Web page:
Pat Mills Q&A
I posed some questions about the dearth of quality girls’ comics to ‘the godfather of British comics’ Pat Mills. He is a keen advocate of girls’ comics, having begun his career in the 1970s working on British girls’ titles Romeo, Tammy, Jinty, Pink, Girl, Sandie and Misty, before helping to revitalise British boys’ comics and going on to create 2000AD and other titles. With Pat Mills leading the way, the future of girls’ comics looks very promising. Here’s what he had to say on the subject…
Comics for girls
You began your career in the 1970s on girls’ comics. Do you look back on those days fondly?
Very much so. Those comics didn’t disappear because the market wasn’t there but because there weren’t enough professionals keeping them alive.
This is something I’m trying to change at the moment and I’m making a little progress.
Did you have a favourite title(s)?
I guess it would have to be Misty, which I originally devised as a female equivalent of 2000AD, but I dropped out when the publishers didn’t offer me the right deal. I then became an advisory launch editor.
Did you have a favourite story/strip?
Probably ‘Moonchild’, my lead story in Misty. Based on Carrie it was the first story to have a more visual and adult approach. Bunty was great and original in its heyday, but it could be rather “young” on occasion. I wanted Misty to be cool. Sadly there was still some old-style thinking amongst the professionals and it was not as cool as I’d have liked.
Can you pinpoint what it is that makes a comic written exclusively for girls different from one for boys? Do you write differently for girls?
Girl as lead character. Although they may be unisex, there is an emphasis on the heroine. The objectives are different… a typical heroine wants to overcome obstacles to achieve some sport objective which provides some action. A typical hero for boys wants to kick ass and possibly destroy something! Okay, that’s superficial, but you get the idea. There are key differences as I found to my cost. Thus girls love mystery (what’s in the locked room?) boys don’t care.
Girls’ stories influenced boys, thus my very successful series Charley’s War (anti-war, sixteen-year-old kid in the trenches of the Great War) is essentially a girls’ comic in its thinking. When new volumes are reprinted it outsells all the macho superhero stuff in Forbidden Planet (the number one comic shop in the UK), for between two to four weeks. This is so embarrassing to my superhero-orientated peers you will rarely hear it mentioned, which is why I enjoy relating it.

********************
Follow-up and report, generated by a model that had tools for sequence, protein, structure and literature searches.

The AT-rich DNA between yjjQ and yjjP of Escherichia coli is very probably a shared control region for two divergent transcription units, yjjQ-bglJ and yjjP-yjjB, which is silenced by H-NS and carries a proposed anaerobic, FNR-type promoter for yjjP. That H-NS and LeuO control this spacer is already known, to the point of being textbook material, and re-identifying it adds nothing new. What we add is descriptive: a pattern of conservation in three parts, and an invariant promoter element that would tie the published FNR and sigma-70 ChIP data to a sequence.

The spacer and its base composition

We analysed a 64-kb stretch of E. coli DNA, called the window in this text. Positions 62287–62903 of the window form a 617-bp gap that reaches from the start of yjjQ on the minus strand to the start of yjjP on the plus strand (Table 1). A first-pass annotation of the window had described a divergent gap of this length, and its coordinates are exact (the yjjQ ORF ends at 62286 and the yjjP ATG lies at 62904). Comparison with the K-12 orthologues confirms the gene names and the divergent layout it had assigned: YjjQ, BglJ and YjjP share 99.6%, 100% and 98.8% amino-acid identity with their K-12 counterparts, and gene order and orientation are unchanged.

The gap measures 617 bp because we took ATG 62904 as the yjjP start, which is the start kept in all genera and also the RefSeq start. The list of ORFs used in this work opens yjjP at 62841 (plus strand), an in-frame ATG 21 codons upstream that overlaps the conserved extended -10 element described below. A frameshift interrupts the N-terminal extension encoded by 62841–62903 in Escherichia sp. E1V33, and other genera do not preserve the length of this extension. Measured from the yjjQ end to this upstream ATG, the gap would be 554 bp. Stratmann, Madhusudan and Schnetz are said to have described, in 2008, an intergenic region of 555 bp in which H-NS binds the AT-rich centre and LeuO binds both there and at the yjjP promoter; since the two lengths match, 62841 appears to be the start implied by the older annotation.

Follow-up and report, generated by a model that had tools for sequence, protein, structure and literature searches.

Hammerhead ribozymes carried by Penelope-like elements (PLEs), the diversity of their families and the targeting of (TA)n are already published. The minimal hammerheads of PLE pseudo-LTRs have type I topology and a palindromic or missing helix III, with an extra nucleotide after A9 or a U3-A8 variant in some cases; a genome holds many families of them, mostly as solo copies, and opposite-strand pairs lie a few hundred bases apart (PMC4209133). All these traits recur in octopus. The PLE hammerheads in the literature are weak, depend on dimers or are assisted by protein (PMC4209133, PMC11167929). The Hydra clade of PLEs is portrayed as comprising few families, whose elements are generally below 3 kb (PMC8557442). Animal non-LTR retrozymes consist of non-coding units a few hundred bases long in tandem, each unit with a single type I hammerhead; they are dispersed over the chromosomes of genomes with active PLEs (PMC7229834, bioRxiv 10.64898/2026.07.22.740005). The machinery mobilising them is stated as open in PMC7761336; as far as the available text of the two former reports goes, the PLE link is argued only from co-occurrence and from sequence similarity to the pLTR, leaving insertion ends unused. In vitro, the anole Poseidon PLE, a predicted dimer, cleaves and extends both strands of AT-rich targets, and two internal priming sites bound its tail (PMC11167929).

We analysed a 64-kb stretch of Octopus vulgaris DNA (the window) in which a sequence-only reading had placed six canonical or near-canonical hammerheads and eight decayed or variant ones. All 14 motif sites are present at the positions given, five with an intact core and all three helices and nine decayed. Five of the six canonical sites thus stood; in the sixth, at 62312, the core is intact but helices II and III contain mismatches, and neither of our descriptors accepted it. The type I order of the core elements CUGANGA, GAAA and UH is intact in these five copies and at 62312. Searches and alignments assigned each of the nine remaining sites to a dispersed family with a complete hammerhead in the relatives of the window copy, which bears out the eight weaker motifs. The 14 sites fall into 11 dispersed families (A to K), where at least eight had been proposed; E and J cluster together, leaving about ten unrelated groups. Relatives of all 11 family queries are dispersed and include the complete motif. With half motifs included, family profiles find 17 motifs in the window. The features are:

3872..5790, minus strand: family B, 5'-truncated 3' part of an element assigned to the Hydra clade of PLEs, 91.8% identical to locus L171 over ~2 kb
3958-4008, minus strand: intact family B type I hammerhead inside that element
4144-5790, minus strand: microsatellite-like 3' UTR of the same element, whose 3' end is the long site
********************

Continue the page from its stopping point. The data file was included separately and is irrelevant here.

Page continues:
Basically the industry is now run by blokes who love superheroes and they don’t want girls’ comics (or girls’ comic thinking) spoiling their fantasies. They all ignore the fact that girls’ comics used to easily outsell boys’. What a surprise! It’s common knowledge that women have always bought more reading matter than blokes. But that, too, is embarrassing – so it’s quietly ignored.
The gap in the market is actually a chasm!
Do you write for girls knowing that boys will read them too? When you wrote for Jinty etc did you hope that brothers would also pick them up? (My husband says he always read his sister’s comics and he was a big 2000AD fan!)
Yeah, I’m aware of that. I used to read girls’ comics and girls’ novels (What Katy Did, Heidi etc) when I was a kid and when we did a recent straw poll, a twelve-year-old boy really enjoyed the girls’ stories we selected. That’s why with a revival I think we would avoid using full-on terms like “girls’ comics” which sounds rather dated, so boys can read them, too. But it’s vital to keep that “girls’ comic thinking” at the core of any revival, even if the phrase is not used.
In an article written by John Freeman in 2004 (“Let’s Hear it for the Girls”) you are quoted as saying girls’ comics were “destroyed from within”.
Yes, that’s right.
As you were working within the industry at the time, do you think this was the main reason for the decline of girls’ comics? Did girls’ interest in comics change, or was it more of a cultural shift? Perhaps the existing titles were unable to adapt and appeal to that generation of girls?
The main reason for the decline was the negative and even hostile attitude to girls’ comics from professionals and publishers – an attitude that continues to this day.
Most creative talent then and now either wants to do art house rather than mainstream or receive a proper financial reward and acknowledgement for their stories. When that was not forthcoming and faced with negativity, many left the industry. It has nothing to do with changing trends or demographics – although that will sometimes be used as an excuse. Many of us went on to revive the flagging male comic market and this left a hole in the girls’ market.